Raw X-ray fluorescence (XRF) scannings and radiocarbon age of sediment cores GeoB8323-2, and GeoB8331-4


Variations in the sediment input to the Namaqualand mudbelt during the Holocene are assessed using an integrative terrestrial to marine, source to sink approach. Geochemical and Sr and Nd isotopic signatures are used to distinguish fluvial sediment source areas. Relative to the sediments of the Olifants River, craton outcrops in the northern Orange River catchment have a more radiogenic Sr and a more unradiogenic Nd isotopic signature. Furthermore, upper Orange River sediments are rich in heavier elements such as Ti and Fe derived from the chemical weathering of Drakensberg flood basalt. Suspension load signatures change along the Orange River's westward transit as northern catchments contribute physical weathering products from the Fish and Molopo River catchment area. Marine cores offshore of the Olifants (GeoB8323-2) and Orange (GeoB8331-4) River mouths show pulses of increased contribution of Olifants River and upper Orange River input, respectively. These pulses coincide with intervals of increased terrestrial organic matter flux and increased paleo-production at the respective core sites. We attribute this to an increase in fluvial activity and vegetation cover in the adjacent catchments during more humid climate conditions. The contrast in the timing of these wet phases in the catchment areas reflects the bipolar behavior of the South African summer and winter rainfall zones. While rainfall in the Orange River catchment is related to southward shifts in the ICTZ, rainfall in the Olifants catchment is linked to northward shifts in Southern Hemisphere Westerly storm tracks. The later may also have increased southern Benguela upwelling in the past by reducing the shedding of Agulhas eddies into the Atlantic. The high-resolution records of latitudinal shifts in these atmospheric circulation systems correspond to late Holocene centennial-millennial scale climate variability evident in Antarctic ice core records. The mudbelt cores indicate that phases of high summer rainfall zone and low winter rainfall zone humidity (at ca. 2.8 and 1 ka BP) may be synchronous with Antarctic warming events. On the other hand, dry conditions in the summer rainfall zone along with wet conditions in the winter rainfall zone (at ca 3.3, 2 and 0.5 ka BP) may be associated with Antarctic cooling events.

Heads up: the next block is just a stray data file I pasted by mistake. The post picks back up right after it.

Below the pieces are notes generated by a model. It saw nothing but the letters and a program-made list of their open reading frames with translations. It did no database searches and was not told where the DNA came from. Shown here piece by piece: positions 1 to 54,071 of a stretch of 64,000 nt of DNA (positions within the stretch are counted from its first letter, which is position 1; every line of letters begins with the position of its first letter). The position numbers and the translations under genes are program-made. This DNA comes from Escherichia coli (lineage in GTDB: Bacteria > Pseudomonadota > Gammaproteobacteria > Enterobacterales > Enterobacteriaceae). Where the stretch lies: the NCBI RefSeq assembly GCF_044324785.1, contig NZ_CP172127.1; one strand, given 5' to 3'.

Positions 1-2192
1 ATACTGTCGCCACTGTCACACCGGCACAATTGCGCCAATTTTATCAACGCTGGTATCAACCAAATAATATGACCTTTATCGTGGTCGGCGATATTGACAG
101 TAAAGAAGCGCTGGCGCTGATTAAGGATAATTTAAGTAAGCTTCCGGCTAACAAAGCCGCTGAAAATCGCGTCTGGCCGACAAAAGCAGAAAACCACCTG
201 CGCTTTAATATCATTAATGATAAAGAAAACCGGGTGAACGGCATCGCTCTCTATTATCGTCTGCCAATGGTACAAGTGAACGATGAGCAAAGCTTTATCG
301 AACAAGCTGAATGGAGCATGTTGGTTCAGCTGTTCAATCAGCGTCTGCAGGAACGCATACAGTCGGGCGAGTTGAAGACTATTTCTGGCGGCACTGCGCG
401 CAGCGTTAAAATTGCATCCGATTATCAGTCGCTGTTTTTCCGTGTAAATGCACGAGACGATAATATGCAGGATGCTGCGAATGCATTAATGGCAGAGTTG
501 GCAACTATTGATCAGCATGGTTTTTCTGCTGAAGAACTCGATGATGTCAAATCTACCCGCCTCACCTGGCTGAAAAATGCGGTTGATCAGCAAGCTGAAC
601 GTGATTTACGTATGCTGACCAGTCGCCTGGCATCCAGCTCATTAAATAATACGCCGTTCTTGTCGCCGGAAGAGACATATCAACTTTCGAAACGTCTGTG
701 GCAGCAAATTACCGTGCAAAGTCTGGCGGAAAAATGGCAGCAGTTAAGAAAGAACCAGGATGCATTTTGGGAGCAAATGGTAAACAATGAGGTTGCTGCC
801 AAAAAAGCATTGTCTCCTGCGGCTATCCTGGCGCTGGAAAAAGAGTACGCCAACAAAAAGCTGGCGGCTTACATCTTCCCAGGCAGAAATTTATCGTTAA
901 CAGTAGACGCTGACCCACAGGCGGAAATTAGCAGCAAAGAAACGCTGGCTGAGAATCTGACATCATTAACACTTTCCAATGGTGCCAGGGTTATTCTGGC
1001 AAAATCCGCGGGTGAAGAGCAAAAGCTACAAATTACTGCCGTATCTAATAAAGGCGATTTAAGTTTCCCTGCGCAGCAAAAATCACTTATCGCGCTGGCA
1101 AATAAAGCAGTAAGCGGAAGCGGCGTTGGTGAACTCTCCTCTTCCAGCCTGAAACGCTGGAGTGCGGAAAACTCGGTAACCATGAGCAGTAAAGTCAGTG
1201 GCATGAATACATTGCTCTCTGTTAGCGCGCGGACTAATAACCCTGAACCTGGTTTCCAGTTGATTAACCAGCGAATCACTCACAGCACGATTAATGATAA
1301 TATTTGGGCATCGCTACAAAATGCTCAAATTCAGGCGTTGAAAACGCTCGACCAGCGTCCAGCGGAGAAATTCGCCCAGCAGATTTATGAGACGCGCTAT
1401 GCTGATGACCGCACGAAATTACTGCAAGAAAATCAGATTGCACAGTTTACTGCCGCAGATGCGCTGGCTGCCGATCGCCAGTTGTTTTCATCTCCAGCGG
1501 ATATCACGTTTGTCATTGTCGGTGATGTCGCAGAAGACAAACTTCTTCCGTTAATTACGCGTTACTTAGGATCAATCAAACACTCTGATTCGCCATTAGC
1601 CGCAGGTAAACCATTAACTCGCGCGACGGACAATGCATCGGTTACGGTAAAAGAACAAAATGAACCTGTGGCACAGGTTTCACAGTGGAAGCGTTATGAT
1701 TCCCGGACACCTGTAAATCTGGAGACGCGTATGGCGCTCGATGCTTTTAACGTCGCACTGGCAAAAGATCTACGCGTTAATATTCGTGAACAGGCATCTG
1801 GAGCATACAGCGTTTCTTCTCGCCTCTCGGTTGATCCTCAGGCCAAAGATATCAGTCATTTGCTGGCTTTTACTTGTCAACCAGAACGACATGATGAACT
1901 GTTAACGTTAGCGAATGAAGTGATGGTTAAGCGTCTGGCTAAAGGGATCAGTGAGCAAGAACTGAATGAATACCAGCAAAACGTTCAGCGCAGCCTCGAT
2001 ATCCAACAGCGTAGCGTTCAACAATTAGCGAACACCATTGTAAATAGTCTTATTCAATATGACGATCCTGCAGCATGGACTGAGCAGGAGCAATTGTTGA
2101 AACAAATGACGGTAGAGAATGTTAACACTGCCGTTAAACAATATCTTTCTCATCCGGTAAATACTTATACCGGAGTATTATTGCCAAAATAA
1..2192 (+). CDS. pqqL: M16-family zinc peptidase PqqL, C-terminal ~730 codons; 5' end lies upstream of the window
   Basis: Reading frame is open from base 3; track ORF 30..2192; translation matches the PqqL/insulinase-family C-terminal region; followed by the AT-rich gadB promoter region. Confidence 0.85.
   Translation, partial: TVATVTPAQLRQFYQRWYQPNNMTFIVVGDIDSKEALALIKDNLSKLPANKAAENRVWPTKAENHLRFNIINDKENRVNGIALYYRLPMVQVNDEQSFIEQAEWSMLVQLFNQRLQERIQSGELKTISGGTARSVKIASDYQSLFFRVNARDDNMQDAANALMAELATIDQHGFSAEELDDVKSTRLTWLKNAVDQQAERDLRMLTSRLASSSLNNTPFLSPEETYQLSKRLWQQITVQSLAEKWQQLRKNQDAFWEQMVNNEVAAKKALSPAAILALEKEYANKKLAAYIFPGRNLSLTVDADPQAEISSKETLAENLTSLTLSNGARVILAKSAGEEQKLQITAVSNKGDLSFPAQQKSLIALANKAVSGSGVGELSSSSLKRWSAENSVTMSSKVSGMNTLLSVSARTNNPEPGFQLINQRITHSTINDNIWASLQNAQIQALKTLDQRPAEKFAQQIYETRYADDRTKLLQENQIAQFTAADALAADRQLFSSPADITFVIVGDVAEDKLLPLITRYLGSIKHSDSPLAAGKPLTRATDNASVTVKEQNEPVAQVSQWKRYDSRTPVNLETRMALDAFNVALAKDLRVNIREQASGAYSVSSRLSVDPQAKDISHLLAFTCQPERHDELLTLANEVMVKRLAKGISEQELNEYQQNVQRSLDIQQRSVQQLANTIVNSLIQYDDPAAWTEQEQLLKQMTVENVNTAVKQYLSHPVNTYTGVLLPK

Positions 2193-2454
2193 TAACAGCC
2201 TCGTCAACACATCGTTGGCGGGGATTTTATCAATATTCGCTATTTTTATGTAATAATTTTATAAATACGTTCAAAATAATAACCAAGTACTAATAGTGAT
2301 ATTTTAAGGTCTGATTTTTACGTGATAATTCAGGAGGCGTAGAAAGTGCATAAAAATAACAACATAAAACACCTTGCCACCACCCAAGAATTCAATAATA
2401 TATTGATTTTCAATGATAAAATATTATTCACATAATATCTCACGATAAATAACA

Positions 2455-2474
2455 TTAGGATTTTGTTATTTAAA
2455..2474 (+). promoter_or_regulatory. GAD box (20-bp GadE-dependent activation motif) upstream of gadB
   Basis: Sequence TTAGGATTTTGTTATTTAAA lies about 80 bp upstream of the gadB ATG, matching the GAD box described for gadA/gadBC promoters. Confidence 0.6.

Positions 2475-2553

Supplement to: Hahn, Annette; Compton, John S; Meyer-Jacob, Carsten; Kirsten, Kelly L; Lucassen, Friedrich; Mayo, Manuel Pérez; Schefuß, Enno; Zabel, Matthias (2016): Holocene paleo-climatic record from the South African Namaqualand mudbelt: A source to sink approach. Quaternary International, 404, 121-135

DOI https://doi.org/10.1594/PANGAEA.863961
Related Identifier IsSupplementTo https://doi.org/10.1016/j.quaint.2015.10.017
Metadata Access https://ws.pangaea.de/oai/provider?verb=GetRecord&metadataPrefix=datacite4&identifier=oai:pangaea.de:doi:10.1594/PANGAEA.863961
Creator Hahn, Annette (ORCID: 0000-0002-3647-473X); Compton, John S; Meyer-Jacob, Carsten (ORCID: 0000-0002-8208-496X); Kirsten, Kelly L ORCID logo; Lucassen, Friedrich; Mayo, Manuel Pérez (ORCID: 0000-0002-6003-649X); Schefuß, Enno (ORCID: 0000-0002-5960-930X); Zabel, Matthias ORCID logo
Publisher PANGAEA
Publication Year 2016
Funding Reference Federal Ministry of Education and Research https://doi.org/10.13039/501100002347 Crossref Funder ID 03G0840A https://foerderportal.bund.de/foekat/jsp/SucheAction.do?actionMode=view&fkz=03G0840A Regional Archives for Integrated iNvestigations; Federal Ministry of Education and Research https://doi.org/10.13039/501100002347 Crossref Funder ID 03G0840B https://foerderportal.bund.de/foekat/jsp/SucheAction.do?actionMode=view&fkz=03G0840B Regional Archives for Integrated iNvestigations
Rights Creative Commons Attribution 3.0 Unported; https://creativecommons.org/licenses/by/3.0/
OpenAccess true
Resource Type Supplementary Publication Series of Datasets; Collection
Format application/zip
Size 4 datasets
Discipline Geosciences; Natural Sciences
Spatial Coverage (16.716W, -32.032S, 18.221E, -29.135N)
Temporal Coverage Begin 2003-01-29T16:40:00Z
Temporal Coverage End 2003-01-31T11:40:00Z